Shelter-in-place, lockdown, and isolation orders raise fears and concerns for victims of domestic violence and child abuse—where the greatest danger is often in the home.
If you’re a victim or know someone who is, domestic violence organizations are encouraging victims to seek help. Victims of domestic violence face more social isolation in general. Abusers have more tactics at their disposal when victims can’t get away from home.
Even with schools, restaurants, and venues closing down, many domestic violence (DV) organizations, hotlines, and shelters are still willing to help. Victims can also seek help from the courts, law enforcement, and emergency services.
Social distancing requirements and shelter-in-place orders make it even more difficult for domestic violence victims to seek help. Many shelters are working hard to remain open, and many DV organizations are taking calls and emails. Contact them if you need help.
DV organizations are also working to develop new strategies to support victims during the Coronavirus public emergency, including offering hotline services via online chat or texting in case victims cannot call with an abuser at home.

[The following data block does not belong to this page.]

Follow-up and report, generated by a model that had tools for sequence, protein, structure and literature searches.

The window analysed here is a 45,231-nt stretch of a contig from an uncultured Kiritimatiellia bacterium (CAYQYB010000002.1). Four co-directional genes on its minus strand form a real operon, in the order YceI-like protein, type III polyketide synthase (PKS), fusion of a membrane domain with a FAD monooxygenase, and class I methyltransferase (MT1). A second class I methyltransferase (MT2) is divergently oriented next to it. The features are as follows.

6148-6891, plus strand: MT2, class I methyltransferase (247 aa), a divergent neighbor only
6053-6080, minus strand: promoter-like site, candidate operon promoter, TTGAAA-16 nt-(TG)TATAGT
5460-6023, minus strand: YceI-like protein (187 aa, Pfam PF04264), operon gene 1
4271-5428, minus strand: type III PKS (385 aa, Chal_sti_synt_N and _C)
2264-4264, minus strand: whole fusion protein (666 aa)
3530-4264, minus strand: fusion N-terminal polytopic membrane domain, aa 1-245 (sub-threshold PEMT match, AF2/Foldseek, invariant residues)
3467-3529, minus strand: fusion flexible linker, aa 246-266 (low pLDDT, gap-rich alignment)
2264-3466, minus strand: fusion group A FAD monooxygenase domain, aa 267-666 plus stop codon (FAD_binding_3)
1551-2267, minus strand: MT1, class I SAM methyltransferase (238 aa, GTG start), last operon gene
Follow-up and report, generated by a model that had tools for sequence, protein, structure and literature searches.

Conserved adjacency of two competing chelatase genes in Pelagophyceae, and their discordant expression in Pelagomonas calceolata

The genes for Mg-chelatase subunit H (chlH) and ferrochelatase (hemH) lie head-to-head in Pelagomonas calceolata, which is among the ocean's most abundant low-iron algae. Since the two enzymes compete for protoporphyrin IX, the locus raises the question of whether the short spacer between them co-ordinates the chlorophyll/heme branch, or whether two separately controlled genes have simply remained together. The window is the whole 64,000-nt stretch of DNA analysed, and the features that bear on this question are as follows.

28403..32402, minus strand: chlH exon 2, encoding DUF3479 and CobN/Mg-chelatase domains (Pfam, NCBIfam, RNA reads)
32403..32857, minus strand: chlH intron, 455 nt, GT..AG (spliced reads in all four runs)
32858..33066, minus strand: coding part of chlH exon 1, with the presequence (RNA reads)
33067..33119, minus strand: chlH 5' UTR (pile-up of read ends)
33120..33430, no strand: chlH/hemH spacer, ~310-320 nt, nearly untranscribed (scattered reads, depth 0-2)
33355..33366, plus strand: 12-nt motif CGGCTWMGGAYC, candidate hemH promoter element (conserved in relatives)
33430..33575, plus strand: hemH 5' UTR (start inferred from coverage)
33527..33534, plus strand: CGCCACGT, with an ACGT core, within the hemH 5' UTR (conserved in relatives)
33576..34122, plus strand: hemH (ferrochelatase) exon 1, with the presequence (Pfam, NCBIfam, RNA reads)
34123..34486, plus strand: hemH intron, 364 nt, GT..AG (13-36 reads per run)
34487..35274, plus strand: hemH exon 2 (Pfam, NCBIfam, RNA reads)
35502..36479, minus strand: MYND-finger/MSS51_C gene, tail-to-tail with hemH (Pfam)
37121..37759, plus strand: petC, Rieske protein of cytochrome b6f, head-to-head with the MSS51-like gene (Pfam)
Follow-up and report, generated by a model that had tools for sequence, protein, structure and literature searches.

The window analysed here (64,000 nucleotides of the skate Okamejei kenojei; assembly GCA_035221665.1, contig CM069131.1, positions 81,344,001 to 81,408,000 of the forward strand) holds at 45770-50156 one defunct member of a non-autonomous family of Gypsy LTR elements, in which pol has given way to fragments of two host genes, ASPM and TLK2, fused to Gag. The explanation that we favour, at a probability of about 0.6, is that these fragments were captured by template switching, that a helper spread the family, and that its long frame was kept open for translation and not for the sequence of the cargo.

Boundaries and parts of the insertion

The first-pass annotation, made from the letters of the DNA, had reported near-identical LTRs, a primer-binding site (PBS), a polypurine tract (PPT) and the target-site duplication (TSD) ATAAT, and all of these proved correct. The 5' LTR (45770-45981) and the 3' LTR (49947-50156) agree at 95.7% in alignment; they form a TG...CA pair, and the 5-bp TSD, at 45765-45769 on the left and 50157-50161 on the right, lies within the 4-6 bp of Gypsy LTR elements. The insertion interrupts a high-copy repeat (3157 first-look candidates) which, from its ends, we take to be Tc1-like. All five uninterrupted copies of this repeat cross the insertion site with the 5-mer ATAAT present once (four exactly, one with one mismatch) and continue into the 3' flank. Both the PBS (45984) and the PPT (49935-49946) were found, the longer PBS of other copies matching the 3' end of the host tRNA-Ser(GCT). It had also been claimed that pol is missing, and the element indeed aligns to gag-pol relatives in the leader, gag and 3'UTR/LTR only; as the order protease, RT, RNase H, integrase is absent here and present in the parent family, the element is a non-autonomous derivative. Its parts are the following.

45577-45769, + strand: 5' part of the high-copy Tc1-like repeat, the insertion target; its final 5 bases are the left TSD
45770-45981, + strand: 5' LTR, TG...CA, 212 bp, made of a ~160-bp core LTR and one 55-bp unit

Below are links to DV organizations with information on how to stay safe during the Coronavirus outbreak:
Courts might be limiting hours of operation but many remain open for high priority cases—which usually includes emergency protection or restraining orders. Check your local court’s website for information on their hours and how cases are being scheduled. This resource from the National Center for State Courts provides a list of state court orders relating to domestic violence matters.
Also, some courts have self-help websites, domestic abuse service centers, or a victims’ service center with additional resources. A local DV organization might be able to assist you navigate the court website or process.
If you have an order in place and the abuser violated the order, contact the police.
As shelter-in-place orders go into effect, know that they have exceptions for emergencies. To see if your city or state has a shelter-in-place order, check the websites for your state or local health department, city or mayor's office, police department, or governor. You might find a frequently answered questions (FAQ) section that summarizes the order.